Vestibular Disorders affect children
When disruption of vestibular system function occurs in children it results in symptoms of vertigo or dizziness, oscillopsia or gaze instability, and delayed development or diminished balance and other motor abilities. Children who present with these symptoms should have a screening of vestibular system function by a professional who has completed specialty competency training in vestibular rehabilitation, or comprehensive diagnostic evaluation.
The purpose of this three-part series for parents, patients and professionals is to provide a brief review of the diagnoses known to affect vestibular function in children, the incidence of these diagnoses, and appropriate evaluation of and intervention strategies. Specifically, we will discuss common symptoms and impairments experienced by children with vestibular dysfunction as well as valid and reliable clinical and diagnostic tests to quantify the extent of these impairments. Finally, we will discuss evidence-based treatments known to improve vestibular related impairments.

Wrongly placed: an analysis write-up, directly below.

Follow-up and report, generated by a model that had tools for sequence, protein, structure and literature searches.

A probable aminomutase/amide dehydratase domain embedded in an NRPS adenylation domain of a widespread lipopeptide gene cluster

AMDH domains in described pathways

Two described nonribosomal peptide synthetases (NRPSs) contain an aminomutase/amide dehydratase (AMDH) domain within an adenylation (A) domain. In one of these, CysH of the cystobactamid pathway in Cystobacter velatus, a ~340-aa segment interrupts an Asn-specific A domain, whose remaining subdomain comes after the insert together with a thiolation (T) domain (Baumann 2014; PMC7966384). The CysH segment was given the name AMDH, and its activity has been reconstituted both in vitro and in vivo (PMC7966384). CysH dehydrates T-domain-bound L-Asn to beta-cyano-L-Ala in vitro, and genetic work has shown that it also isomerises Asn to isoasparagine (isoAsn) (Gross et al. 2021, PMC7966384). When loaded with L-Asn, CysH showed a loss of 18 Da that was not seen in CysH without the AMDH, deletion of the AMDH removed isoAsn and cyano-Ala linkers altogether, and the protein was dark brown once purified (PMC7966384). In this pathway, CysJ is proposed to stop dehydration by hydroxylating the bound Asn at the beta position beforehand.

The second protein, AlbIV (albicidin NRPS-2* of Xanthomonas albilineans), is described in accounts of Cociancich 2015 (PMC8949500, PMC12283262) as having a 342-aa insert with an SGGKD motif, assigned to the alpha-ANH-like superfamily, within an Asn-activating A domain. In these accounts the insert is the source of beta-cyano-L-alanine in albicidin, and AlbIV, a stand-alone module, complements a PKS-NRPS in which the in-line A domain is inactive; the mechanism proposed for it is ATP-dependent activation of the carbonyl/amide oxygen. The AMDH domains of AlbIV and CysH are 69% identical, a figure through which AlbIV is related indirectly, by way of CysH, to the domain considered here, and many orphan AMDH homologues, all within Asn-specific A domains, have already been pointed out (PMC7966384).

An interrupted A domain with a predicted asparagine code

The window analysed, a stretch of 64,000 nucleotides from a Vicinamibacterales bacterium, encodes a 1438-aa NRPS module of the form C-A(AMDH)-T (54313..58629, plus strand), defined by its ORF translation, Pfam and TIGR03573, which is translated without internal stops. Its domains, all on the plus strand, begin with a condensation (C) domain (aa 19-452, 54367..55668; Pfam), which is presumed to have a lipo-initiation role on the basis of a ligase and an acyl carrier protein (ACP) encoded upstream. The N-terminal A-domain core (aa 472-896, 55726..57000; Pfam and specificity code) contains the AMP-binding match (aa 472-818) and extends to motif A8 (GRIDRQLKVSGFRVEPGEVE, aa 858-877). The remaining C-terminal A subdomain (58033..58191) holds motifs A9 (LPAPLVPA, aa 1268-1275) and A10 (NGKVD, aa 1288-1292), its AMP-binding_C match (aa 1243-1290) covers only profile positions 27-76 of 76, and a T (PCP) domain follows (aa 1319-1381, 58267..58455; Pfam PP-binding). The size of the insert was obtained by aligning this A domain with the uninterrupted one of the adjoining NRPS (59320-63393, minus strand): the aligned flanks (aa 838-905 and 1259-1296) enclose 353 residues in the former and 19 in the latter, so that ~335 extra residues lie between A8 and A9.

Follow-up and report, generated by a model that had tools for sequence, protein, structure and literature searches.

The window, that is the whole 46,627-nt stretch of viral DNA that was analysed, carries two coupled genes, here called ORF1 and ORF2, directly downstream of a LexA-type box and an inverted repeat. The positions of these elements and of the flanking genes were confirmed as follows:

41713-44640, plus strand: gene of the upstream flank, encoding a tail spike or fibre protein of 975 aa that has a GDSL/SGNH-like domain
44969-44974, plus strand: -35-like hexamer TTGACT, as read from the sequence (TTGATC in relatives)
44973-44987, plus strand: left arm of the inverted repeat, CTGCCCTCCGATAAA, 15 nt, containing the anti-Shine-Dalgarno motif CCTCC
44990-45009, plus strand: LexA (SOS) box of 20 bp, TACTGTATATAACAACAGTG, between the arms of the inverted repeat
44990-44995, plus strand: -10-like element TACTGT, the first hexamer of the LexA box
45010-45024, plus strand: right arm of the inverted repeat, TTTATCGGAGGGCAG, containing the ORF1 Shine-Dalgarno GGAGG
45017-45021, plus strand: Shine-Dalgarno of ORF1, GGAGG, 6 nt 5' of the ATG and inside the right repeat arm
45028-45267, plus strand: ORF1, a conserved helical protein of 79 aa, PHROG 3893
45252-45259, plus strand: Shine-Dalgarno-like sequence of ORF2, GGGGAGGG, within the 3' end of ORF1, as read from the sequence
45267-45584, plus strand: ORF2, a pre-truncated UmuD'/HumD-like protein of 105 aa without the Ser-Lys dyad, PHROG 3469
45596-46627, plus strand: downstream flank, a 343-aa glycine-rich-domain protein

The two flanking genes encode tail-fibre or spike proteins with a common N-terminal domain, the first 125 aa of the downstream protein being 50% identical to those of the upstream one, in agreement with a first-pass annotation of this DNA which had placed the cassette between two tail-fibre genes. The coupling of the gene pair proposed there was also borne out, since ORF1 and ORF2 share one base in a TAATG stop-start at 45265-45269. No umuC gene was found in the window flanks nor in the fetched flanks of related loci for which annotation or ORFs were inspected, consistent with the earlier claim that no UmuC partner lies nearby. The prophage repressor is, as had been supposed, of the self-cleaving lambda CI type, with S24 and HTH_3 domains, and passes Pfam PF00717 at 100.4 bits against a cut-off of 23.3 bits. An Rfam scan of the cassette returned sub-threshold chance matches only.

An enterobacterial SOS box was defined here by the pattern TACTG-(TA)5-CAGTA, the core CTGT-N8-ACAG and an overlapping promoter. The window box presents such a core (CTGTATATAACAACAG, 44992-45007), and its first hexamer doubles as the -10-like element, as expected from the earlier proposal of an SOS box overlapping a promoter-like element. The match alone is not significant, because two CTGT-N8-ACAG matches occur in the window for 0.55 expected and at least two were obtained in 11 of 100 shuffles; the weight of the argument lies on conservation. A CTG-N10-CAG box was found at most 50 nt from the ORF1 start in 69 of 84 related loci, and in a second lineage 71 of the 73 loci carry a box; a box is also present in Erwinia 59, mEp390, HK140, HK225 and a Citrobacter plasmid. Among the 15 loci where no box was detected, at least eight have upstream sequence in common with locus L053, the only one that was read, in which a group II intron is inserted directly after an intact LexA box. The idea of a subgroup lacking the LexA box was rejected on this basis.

- Part I: Incidence, Symptoms & Possible Diagnoses - Parents and pediatric health care professionals should be aware of the signs and symptoms of vestibular impairments so that referrals to appropriate specialists can be sought, enabling appropriate diagnosis and provision of appropriate interventions.
- Part II: Assessment - Clinicians can use easy and inexpensive screening tests to determine whether a child should be referred to an otolaryngologist or audiologist for specific laboratory testing to determine whether or not the child has vestibular dysfunction.
- Part III: Treatment - Based on the results of screening and/or diagnostic testing, treatment - both medical and rehabilitation - should be prescribed.
- Research: More than 1 in 20 U.S. children have dizziness and balance problems. Read more about the epidemiology of dizziness and balance problems in children in the United States from the National Institutes of Health.